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The 2006 General Accounting Office (GAO) Report has focused on the Department of Health and Human Services (HHS) and claims there are "significant" weaknesses in their information systems, making it vulnerable to hackers and identity thieves.

Requested by Sen. Charles Grassley (R-Iowa), the 46-page report found instances of anti-virus software not installed or up to date; employees hired without proper background checks; computer passwords that are not properly updated or controlled; and a lack of physical controls such as security cameras that do not work.

The HHS is responsible for more than 300 programs, including Medicare and Medicaid. It handles more than a billion health care claims every year and currently has 14 operating divisions.

GAO investigators reviewed management and audit reports issued in 2004 and 2005 that outline security practices at 13 HHS divisions. Below are the main areas of concern:

      ·Electronic access controls were inadequate. Antivirus software was not always installed or up to date and system administrative access was not always restricted.

      ·Many user account passwords were set to never expire and the minimum password length was set to zero. Both factors increase the likelihood of someone being able to guess the password.

      ·One Medicare contractor was allowed to transport approximately 25,000 Medicare check payments in a privately owned vehicle in an unlocked container for more than a year.

      ·Many surveillance cameras used for monitoring facilities were not working properly.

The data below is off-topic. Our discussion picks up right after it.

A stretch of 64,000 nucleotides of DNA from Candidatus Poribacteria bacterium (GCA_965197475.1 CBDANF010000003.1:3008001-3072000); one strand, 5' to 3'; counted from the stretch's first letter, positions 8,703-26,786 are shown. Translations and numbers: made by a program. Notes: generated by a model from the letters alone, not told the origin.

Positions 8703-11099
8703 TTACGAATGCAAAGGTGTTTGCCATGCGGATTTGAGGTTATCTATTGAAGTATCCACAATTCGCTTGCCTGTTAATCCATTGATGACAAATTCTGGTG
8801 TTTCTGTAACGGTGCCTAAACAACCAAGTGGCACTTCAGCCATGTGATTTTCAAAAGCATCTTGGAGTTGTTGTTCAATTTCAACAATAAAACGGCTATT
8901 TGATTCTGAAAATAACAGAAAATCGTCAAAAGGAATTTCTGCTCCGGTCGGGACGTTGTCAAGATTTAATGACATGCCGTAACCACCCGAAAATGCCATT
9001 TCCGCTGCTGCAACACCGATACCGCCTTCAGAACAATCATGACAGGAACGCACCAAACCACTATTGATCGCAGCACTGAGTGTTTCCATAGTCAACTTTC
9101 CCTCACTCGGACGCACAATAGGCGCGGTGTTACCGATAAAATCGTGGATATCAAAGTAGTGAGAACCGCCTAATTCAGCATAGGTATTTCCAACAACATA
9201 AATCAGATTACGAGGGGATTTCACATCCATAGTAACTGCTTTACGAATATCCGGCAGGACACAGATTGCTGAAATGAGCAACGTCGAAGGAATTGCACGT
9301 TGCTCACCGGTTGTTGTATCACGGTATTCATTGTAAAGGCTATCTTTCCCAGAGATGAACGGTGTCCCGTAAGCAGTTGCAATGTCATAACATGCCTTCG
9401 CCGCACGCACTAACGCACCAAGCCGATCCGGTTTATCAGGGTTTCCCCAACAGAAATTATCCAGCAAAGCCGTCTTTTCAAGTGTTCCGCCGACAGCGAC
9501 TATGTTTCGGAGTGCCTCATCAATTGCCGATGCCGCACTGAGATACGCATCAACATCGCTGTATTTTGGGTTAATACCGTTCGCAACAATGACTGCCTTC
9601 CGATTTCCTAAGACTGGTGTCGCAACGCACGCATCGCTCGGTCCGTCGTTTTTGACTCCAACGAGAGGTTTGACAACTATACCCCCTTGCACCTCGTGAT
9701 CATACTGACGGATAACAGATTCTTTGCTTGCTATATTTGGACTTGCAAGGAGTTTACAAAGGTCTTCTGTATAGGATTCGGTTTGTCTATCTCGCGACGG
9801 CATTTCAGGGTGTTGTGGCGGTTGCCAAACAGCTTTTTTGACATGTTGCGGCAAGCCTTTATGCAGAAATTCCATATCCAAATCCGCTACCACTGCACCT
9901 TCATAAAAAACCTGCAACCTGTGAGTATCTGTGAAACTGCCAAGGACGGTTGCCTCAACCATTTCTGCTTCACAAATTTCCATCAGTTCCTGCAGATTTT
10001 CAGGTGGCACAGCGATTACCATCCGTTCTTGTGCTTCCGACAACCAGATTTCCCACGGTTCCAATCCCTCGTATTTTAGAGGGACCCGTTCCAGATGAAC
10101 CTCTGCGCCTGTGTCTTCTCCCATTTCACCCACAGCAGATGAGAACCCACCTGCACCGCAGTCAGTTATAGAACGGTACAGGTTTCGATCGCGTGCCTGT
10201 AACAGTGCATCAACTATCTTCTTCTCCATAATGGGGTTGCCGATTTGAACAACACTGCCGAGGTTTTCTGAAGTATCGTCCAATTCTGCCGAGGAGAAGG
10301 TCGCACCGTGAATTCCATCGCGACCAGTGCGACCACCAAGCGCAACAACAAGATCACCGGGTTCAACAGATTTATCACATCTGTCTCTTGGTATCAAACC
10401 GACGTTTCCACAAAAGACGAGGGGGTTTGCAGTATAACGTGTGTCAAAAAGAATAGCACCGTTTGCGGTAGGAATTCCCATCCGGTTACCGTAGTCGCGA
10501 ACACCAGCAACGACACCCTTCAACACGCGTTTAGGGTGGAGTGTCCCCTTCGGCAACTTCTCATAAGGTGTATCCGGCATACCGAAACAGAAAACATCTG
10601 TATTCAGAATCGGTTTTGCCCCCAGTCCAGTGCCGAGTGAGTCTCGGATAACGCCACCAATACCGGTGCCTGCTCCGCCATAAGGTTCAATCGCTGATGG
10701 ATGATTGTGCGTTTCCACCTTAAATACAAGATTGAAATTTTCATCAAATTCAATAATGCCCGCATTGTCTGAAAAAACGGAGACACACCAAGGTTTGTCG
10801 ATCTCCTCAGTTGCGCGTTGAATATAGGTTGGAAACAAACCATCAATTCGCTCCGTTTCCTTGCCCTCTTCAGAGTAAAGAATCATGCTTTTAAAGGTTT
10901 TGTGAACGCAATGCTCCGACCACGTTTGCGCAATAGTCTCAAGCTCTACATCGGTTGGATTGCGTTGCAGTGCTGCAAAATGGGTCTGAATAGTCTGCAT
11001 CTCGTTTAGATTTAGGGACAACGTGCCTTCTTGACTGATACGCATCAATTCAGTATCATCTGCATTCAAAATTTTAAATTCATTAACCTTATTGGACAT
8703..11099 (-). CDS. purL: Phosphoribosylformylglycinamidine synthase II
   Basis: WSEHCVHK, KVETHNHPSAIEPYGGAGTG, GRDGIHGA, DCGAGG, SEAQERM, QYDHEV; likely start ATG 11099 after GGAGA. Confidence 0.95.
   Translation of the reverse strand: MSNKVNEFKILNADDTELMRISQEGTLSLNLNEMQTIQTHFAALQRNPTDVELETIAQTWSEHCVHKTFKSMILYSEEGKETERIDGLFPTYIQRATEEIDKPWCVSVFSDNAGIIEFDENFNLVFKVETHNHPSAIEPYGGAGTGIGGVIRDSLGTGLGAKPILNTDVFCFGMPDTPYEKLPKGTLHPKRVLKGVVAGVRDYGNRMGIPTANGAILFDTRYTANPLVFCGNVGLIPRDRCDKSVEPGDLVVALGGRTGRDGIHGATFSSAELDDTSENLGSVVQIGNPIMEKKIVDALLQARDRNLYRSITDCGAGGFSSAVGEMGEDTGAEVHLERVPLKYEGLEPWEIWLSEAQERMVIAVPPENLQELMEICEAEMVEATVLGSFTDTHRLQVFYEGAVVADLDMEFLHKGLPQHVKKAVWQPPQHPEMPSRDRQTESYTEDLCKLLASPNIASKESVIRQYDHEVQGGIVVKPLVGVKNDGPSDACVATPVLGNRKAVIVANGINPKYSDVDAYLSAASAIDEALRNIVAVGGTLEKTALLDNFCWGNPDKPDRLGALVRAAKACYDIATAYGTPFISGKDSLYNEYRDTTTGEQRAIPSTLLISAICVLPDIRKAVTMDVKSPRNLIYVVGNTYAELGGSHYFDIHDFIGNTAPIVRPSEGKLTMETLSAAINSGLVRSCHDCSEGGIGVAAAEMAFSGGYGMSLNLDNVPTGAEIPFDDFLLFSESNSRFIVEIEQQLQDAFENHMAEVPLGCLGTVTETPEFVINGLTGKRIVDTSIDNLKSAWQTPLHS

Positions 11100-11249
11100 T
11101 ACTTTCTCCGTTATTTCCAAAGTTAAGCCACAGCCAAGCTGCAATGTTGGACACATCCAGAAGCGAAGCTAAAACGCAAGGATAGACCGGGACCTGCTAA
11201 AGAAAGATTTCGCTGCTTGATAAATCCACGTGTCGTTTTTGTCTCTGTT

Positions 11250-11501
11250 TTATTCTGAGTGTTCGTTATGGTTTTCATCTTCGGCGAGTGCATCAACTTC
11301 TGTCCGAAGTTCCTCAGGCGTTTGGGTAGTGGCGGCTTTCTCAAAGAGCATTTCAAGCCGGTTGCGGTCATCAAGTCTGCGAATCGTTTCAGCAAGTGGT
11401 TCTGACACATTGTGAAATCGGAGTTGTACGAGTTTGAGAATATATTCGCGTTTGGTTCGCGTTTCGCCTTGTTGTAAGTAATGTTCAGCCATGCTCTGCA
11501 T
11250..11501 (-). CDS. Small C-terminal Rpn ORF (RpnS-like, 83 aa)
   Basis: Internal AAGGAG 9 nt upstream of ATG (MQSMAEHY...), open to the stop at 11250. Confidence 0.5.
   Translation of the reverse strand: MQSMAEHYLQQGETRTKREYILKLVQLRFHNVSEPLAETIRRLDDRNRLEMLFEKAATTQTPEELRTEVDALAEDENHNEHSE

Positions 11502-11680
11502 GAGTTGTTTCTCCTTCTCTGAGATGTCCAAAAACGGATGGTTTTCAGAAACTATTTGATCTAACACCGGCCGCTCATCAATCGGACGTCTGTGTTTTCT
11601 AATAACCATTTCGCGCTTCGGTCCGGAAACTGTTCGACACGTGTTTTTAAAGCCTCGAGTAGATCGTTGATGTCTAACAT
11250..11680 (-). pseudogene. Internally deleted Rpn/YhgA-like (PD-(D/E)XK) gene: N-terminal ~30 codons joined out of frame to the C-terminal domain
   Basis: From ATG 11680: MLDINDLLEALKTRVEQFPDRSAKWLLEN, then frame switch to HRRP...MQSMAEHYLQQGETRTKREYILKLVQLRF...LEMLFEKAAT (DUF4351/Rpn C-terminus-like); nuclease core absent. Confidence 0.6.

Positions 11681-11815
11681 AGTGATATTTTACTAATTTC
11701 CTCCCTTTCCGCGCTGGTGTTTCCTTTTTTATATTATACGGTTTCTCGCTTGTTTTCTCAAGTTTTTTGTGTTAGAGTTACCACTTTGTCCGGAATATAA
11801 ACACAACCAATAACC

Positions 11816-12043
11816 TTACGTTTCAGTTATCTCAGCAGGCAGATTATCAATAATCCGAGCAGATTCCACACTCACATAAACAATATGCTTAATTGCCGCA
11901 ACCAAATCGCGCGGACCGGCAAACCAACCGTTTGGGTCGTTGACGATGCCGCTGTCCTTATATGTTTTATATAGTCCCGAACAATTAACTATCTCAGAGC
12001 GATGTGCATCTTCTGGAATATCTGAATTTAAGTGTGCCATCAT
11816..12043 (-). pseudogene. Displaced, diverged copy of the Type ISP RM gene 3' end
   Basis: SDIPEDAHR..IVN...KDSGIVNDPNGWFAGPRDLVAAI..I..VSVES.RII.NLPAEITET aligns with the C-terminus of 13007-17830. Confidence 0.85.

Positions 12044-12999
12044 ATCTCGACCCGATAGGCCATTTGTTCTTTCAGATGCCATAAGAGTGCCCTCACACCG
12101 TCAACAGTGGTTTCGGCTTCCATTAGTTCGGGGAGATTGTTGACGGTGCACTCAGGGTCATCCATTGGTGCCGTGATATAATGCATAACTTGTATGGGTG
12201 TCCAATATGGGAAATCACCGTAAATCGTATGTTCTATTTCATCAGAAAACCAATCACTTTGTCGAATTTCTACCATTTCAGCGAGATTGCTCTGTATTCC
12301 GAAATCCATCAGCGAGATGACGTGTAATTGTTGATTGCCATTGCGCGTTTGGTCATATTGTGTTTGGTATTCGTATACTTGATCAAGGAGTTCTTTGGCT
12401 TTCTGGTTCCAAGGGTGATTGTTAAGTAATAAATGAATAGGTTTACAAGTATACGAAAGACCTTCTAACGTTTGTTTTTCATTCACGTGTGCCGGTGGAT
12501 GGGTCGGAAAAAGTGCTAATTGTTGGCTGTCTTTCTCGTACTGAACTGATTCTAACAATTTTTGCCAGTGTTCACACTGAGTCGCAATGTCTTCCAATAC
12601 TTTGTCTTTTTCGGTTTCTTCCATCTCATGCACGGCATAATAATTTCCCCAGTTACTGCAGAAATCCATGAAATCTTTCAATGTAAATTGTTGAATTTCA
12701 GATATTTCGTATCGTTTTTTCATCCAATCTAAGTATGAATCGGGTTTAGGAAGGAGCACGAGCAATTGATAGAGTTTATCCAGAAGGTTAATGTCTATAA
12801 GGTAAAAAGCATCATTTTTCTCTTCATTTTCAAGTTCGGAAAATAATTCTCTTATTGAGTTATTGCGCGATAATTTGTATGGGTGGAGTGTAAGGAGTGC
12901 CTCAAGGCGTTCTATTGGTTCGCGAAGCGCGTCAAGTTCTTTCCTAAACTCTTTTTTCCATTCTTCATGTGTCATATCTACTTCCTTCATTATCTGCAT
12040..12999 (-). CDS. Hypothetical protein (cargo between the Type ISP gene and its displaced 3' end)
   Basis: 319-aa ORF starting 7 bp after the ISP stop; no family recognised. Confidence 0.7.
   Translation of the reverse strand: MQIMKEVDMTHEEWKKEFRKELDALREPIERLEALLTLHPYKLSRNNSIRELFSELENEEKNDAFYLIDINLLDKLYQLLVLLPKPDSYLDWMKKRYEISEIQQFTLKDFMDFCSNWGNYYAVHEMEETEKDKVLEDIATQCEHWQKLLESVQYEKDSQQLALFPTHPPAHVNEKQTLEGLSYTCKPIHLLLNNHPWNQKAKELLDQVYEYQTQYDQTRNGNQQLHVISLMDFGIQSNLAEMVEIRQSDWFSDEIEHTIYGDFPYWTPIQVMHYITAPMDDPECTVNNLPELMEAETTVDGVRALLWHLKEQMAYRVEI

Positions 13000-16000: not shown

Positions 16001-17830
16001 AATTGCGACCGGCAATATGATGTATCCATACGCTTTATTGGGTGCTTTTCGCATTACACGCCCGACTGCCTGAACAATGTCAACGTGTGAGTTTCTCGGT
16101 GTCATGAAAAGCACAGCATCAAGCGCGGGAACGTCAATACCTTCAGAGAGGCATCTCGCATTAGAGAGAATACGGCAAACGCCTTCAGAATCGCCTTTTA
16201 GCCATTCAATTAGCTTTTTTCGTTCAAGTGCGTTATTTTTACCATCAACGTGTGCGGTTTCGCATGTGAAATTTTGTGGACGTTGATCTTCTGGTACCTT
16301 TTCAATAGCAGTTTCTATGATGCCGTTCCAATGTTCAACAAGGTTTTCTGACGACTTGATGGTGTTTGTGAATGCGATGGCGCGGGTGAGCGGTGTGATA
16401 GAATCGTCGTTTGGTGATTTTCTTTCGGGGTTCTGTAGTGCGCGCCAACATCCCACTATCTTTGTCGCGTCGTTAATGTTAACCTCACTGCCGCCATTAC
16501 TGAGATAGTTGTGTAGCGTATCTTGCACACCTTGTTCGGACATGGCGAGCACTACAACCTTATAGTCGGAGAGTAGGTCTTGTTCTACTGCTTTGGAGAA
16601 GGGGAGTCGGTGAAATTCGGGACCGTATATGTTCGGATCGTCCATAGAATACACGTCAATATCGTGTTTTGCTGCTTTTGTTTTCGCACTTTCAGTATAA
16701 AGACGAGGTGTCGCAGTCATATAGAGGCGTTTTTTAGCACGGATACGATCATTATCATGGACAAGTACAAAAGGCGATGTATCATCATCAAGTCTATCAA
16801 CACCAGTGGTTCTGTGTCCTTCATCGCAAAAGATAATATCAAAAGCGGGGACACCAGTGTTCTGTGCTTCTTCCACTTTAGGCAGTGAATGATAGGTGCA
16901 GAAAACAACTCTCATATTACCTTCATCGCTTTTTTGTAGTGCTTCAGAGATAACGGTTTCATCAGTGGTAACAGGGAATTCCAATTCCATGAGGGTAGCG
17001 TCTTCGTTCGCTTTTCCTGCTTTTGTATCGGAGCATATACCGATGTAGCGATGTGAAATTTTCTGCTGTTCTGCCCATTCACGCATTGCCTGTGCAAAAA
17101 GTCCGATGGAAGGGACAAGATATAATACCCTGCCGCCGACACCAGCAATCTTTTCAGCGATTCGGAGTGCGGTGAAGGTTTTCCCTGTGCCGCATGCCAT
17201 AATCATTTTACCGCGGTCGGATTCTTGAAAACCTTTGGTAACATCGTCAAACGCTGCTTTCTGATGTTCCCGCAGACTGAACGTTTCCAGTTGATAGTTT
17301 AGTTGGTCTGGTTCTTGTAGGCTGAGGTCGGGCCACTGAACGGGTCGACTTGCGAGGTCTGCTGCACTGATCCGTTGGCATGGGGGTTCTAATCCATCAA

·Background checks were not always performed.

      ·In a department wide information security program, areas such as security and awareness training, risk assessments and policies and procedures have not been addressed.

      ·Although HHS requires systems and networks to undergo vulnerability scanning to identify threats, the report found three systems at three different operating divisions that have not undergone testing.

"Instead of firewalls to safeguard sensitive data, we have Swiss cheese," said Grassley.

In an official response to the report, HHS bragged about progress being made and believes GAO came to its conclusions based on outdated reports.

"HHS is proud of its information security programs and the progress it has made over the last fiscal year," the response added.

HHS also pointed out that investigators failed to note a 2005 security program effort that resulted in a 57 percent decrease in reportable deficiencies. The department was also concerned that the use of the word "significant" to describe the reported weaknesses was misleading and creates more panic than needed.

The GAO report made recommendations to ensure that operating divisions develop comprehensive risk assessments that address key elements; conduct tests of the controls of operational systems; provide specialized training to individuals with security responsibilities; and implement intrusion detection systems.

The report made it clear that HHS must implement a department wide information security program in accordance with the Federal Information Security Act. HHS assures that implementation in already under way.

Lauren Himiak is an editorial assistant with ADVANCE.

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